worth their salt CAN recognise an mp3.
There are several who refuse to use mp3 files in their programmes,
insisting
on .wav source files.

If you take a 96Kb/s mp3 file, its easy to hear how bad it is.
128Kb/s is only just a little above that.
i.e. That file is only just above the point where audio is defeningly
obvious how bad it is.

H265 is H264 tweaked.
The macroblock size is increased (the grid which the encoder chops the
picture in to), and they rejigged the colour space. Thats it.
Its really not worth getting all moist about h265 as being the best thing
since the Altair 8800.
Its not some amazing soloution that will allow cinema quality pictures to
pushed down a dial up connection.

Just like that 128Kb/s mp3 file, its h264, but just above the point where
the masses can tell its crap.


I can hear the defects in 128k MP3, but not in 256k MP3 nor in 128k WMA. I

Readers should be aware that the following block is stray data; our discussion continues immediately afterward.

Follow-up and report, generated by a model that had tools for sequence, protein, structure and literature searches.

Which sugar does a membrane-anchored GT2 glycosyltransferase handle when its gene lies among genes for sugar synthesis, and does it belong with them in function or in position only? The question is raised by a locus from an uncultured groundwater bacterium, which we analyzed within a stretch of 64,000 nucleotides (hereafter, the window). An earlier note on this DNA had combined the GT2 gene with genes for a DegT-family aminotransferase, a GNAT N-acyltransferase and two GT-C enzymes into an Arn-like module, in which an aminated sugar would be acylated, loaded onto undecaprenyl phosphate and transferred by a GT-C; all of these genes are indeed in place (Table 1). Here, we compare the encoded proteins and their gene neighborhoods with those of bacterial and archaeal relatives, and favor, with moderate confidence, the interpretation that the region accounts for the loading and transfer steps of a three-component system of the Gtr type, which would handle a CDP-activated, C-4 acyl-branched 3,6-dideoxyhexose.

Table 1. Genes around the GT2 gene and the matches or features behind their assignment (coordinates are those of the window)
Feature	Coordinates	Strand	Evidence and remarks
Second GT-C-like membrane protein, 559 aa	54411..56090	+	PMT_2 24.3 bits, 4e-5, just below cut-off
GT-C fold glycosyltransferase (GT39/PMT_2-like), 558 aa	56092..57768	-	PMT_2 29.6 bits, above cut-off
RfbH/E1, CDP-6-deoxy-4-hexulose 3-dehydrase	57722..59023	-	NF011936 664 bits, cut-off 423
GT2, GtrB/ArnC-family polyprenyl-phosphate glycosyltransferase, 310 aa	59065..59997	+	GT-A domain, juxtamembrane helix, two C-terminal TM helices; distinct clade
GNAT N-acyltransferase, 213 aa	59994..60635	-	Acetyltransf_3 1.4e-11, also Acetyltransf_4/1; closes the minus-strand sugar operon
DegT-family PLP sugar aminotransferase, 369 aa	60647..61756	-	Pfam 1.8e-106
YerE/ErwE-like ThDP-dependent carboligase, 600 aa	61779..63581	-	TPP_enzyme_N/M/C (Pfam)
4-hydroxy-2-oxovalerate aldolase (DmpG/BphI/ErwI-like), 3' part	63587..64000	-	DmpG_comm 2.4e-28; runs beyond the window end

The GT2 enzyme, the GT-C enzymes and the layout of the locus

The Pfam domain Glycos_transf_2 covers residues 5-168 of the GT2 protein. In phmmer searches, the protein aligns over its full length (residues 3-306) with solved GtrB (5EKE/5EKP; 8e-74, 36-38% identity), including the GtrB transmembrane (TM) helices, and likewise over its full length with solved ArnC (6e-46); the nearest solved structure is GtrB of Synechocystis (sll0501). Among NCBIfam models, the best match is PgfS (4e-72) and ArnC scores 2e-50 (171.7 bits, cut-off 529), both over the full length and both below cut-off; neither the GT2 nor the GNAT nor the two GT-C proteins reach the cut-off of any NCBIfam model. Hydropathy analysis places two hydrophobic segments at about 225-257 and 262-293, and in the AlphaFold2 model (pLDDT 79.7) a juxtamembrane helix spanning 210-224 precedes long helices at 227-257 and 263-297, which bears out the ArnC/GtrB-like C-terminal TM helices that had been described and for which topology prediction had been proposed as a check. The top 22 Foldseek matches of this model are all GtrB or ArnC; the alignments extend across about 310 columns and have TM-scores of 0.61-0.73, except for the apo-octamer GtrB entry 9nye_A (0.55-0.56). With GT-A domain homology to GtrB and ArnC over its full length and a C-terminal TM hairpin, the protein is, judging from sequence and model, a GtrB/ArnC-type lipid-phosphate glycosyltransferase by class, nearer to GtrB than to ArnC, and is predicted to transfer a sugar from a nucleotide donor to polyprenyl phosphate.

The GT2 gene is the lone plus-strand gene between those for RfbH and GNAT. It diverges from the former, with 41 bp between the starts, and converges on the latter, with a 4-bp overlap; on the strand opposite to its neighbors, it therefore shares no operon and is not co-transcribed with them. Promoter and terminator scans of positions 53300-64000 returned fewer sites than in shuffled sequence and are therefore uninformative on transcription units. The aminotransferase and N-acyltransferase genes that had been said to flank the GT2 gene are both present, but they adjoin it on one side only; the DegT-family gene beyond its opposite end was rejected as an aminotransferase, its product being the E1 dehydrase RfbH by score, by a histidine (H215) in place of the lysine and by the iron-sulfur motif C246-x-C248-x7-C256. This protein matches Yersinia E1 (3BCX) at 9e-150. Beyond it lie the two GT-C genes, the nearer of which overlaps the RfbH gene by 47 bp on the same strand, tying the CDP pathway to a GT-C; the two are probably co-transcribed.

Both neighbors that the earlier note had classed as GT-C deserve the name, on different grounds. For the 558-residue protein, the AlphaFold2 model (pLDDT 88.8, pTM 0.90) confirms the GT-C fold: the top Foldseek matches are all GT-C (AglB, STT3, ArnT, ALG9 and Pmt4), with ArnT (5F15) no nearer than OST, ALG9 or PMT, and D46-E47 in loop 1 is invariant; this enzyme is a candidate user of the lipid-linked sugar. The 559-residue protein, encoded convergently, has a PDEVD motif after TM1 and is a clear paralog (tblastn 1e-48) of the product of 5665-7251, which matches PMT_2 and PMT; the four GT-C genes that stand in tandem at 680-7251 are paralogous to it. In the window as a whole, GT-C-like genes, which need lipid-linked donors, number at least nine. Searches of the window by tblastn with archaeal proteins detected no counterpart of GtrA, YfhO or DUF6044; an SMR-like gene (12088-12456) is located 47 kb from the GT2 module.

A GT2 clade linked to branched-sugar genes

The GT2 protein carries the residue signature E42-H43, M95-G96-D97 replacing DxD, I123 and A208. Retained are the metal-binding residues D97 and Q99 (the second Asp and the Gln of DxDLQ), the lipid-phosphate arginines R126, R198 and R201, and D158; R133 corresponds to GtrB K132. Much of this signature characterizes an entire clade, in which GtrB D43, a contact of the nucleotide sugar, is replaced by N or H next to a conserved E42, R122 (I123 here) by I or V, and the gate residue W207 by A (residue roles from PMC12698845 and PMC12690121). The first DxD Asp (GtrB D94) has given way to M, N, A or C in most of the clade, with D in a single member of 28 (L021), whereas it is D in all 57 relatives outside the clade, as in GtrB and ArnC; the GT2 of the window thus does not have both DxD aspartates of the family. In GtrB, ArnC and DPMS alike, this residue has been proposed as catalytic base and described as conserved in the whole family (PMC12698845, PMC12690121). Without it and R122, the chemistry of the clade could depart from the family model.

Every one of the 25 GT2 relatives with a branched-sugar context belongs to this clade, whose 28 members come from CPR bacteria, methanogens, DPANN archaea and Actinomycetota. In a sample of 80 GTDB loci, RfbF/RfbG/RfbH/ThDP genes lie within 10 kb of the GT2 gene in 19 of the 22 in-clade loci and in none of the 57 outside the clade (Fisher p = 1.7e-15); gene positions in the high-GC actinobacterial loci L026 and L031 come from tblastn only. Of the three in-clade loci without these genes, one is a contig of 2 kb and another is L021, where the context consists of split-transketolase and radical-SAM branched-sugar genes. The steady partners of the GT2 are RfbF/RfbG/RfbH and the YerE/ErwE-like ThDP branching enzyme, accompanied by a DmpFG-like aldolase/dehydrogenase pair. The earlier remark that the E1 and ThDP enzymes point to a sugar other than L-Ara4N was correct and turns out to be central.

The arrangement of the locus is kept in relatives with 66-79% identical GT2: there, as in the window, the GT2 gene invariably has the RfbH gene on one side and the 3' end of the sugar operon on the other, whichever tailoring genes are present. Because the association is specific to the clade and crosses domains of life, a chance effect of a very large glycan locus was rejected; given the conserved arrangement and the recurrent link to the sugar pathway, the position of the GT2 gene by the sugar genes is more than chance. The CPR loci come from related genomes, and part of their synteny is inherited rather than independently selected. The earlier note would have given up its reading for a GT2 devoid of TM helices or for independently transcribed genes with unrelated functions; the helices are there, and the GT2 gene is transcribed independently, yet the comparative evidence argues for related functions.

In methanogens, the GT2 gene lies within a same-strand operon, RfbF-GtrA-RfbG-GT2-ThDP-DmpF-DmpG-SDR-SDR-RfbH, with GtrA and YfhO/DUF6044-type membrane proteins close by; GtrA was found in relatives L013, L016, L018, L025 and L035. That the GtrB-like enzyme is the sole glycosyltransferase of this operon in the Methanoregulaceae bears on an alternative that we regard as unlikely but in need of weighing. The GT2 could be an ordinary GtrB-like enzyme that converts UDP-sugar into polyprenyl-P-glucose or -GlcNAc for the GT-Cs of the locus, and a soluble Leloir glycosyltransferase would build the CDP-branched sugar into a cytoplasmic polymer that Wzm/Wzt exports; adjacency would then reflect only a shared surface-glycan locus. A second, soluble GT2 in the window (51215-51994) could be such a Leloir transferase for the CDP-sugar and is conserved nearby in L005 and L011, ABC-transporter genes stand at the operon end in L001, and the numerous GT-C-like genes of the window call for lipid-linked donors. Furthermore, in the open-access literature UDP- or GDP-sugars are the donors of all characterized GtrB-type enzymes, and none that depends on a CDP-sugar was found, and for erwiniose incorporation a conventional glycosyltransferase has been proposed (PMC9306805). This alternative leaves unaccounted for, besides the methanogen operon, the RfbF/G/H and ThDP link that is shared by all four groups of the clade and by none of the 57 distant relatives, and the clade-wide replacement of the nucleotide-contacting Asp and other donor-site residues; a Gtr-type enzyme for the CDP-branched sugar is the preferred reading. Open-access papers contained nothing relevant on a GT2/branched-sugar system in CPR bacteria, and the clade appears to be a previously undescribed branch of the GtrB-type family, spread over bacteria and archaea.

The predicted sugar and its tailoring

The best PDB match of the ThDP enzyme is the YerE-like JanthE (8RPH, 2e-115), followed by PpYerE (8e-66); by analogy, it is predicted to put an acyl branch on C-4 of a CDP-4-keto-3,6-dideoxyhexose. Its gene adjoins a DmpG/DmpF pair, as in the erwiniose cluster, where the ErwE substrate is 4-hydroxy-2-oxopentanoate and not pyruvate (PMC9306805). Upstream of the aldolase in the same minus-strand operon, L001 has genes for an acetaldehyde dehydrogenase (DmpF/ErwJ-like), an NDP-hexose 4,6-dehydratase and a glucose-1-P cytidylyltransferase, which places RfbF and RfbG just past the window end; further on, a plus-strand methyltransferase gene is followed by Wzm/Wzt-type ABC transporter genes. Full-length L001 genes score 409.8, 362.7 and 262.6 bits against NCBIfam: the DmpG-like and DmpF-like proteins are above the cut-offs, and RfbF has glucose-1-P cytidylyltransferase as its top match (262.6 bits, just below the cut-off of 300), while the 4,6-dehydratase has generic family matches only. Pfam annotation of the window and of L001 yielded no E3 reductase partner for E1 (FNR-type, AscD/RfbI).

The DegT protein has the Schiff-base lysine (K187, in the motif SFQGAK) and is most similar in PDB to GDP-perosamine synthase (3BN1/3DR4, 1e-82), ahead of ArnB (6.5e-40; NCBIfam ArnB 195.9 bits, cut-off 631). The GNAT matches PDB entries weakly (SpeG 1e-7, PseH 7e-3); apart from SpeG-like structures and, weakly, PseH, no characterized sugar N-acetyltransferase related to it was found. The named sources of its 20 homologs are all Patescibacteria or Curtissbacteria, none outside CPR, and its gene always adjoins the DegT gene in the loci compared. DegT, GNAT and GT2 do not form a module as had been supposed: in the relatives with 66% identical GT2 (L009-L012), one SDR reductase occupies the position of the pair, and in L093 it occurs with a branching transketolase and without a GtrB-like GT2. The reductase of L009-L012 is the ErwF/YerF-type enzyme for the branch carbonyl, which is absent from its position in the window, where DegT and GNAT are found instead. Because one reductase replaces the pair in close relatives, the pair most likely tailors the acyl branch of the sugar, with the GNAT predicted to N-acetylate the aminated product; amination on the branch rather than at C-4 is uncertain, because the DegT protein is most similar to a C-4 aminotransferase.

haven't tried on AAC. DAB, OTOH? 80k MP2? Yuck.

And as for Freeview? My techie son and I have learned not to mention the
faults when my wife is there. She just gets cross.


Lets just say, perhaps yours is not the only abode where that situation
arises!



Andy



Ads
  #72  
Old August 15th 15, 12:16 AM posted to uk.tech.digital-tv
_Unknown_Freelancer_
external usenet poster
 
Posts: 75
Default 4k TV on Freesat or Freeview?

"Andy Furniss" [email protected] wrote in message
o.uk...
_Unknown_Freelancer_ wrote:

Take a football match being covered in 4K. (Ive seen some.) Now get
your main gantry camera to frame on a stationary wide angle* facing
across the pitch. *As wide as the lens will go. Not pointing at
anything in particular. Such is the detail in that picture you can
make out individual facial expressions of people in the crowd in the
opposite stand (usually around 100metres away). Its a fair wager that